Monday, March 31, 2014

Balancing Act

Recently the diabetic specialist I had been seeing on a regular basis decided to retire. I was told that a new specialist would take her place. However, after the new doctor tried things out at that diabetic clinic for a month, she quit. It was then I decided to take matters into my own hands and find myself a new doctor, one that was hopefully a little closer to home.This task proved to be rather complicated as I had to consider the limitations of our insurance (it will only cover certain, PPO approved physicians,) and the fact that I am an odd duck--a Type 1 diabetic on an insulin pump. As such, I had to find someone who was comfortable handling an insulin pump patient. (Most diabetics are Type 2 and control things with diet, exercise, oral meds, etc.)

I searched the internet for a physician that would satisfy everyone's requirements. After a few days of sorting through endless lists, I narrowed it down to an individual that seemed to stand out. He was on our insurance roster as an approved doctor--and when I called to talk to the nice receptionist, she assured me that he was taking new patients and he had worked with other insulin pump dependent diabetics. Also, he was a D.O.--the type of doctor my youngest son is seeking to become.(Doctor of Osteopathic Medicine.) From what I've learned through experience, and what my son has taught me, D.O.'s tend to be very patient friendly. Also, they are trained to use the best of Western and Eastern medicine. This is extremely cool. =)

Deciding I had struck pay-dirt, I told the receptionist that I would like to lock this doctor in as my new diabetic specialist. That's when I was told that this particular doctor likes to look through files and decide which patients he is willing to add to his clientele. Ah. This was new. Not only was I evaluating him, but he would be going through the same process with me. Interesting.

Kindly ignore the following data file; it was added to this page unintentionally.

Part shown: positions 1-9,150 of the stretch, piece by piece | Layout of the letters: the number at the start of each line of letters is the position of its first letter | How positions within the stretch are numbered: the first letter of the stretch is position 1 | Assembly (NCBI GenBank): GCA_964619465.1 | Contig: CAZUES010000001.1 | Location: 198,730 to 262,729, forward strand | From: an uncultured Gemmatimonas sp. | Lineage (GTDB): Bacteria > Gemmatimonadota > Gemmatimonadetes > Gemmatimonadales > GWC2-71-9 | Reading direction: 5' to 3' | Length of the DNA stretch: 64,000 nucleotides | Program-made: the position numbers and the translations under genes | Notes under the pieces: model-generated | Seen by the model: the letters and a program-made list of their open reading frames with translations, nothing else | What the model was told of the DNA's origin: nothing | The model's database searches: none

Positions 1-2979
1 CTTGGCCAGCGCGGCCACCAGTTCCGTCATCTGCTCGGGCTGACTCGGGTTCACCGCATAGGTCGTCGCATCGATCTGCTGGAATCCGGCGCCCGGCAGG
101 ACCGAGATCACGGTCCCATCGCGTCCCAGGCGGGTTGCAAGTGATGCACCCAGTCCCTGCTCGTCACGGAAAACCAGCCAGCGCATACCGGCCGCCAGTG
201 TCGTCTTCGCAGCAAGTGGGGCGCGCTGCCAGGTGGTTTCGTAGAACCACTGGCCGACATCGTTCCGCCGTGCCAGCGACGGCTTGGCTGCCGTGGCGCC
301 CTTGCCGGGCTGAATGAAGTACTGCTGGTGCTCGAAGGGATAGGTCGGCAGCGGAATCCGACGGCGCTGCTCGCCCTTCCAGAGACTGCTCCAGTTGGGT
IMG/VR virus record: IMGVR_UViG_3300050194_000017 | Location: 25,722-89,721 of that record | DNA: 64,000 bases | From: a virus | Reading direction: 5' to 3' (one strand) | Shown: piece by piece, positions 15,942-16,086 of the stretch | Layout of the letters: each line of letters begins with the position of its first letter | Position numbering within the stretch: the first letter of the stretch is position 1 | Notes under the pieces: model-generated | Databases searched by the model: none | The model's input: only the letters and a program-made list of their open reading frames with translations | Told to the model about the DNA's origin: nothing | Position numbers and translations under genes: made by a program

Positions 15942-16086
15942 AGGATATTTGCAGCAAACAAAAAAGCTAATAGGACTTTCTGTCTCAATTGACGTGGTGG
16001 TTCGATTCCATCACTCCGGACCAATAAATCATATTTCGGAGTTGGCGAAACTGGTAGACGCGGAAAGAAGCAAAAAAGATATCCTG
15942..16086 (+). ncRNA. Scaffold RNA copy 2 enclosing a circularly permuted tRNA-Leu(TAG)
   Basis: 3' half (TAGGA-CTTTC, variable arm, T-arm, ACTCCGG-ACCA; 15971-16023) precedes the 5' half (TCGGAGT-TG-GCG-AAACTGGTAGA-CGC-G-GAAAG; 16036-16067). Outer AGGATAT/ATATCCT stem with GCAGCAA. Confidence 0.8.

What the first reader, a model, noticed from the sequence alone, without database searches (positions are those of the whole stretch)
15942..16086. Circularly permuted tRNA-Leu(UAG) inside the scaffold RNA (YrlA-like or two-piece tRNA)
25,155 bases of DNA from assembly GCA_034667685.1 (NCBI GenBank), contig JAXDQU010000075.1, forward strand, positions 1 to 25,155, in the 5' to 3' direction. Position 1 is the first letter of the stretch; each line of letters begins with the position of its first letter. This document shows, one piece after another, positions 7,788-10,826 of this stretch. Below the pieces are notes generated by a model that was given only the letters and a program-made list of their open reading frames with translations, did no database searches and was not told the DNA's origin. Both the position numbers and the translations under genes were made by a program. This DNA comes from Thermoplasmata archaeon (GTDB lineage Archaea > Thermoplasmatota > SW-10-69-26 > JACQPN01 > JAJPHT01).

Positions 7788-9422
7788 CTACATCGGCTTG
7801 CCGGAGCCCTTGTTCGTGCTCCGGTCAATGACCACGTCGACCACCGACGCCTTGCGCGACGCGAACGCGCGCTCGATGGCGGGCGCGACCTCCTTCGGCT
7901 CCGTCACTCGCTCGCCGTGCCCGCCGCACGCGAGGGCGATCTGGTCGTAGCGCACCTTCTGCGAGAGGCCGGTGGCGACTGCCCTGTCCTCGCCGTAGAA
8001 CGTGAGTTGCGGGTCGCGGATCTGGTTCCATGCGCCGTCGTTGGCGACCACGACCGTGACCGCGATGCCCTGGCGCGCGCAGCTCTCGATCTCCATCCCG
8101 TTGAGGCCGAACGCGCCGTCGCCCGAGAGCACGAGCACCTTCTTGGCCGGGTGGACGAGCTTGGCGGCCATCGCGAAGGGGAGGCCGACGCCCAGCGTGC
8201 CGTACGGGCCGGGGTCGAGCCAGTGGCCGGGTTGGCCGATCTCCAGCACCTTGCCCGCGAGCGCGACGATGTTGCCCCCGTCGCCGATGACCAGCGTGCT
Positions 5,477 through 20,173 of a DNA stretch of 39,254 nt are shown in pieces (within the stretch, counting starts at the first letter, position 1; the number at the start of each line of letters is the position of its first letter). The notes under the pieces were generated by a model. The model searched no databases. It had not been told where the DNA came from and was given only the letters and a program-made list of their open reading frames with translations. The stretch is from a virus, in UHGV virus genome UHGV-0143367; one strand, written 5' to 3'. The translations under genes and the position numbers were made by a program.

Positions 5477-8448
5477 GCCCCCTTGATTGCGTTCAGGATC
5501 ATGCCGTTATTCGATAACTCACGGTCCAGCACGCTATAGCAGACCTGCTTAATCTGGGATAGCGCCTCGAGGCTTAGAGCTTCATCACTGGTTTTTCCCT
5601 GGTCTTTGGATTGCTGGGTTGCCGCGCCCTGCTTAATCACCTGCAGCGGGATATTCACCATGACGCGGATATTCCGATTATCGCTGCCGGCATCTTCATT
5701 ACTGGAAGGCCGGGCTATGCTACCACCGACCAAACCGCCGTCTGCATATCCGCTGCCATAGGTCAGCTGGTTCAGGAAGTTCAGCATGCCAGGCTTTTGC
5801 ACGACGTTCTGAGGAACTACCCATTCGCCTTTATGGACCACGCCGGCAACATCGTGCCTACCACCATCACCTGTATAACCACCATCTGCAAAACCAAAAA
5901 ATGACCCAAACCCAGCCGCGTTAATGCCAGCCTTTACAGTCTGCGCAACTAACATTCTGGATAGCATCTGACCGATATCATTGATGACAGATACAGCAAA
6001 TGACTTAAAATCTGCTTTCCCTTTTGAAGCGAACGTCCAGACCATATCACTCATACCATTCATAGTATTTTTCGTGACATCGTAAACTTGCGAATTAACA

The next day I received a phone call and was informed that I had been accepted as a patient. I did the dance of joy, hoping this was a good change. About a week later, my husband and I drove to Logan and met up with my new specialist. It was a good experience, even though my A1C test was a little higher than it should've been. (The test that reveals the average blood sugar level for the past 3 months.) Because of that, I was told that I needed to meet with the office dietician--a bright young man that the nurses and my new doctor highly recommended. I still pouted. I mean, seriously? I've been a Type 1 diabetic since I was the tender age of 19. After ten years . . . (Kidding. My 30-year-old son informed me last year that I can no longer be 29. Sigh . . .) okay . . . after 33 years, I think I know what I'm doing . . . most of the time. ;) I knew my blood sugar levels had been bouncing for a couple of months. It's the time of year when my RA (Rheumatoid Arthritis) acts up (compliments of the wacky weather) and with the inflammation comes increased blood sugar levels. It's just how my silly body rolls. Everything (and I do mean everything) affects blood sugar levels. Pain, heat, cold, illnesses, exercise, carbs consumed, etc. It proves to be quite the balancing act, and something I live with every day. True character building moments. Back to my story: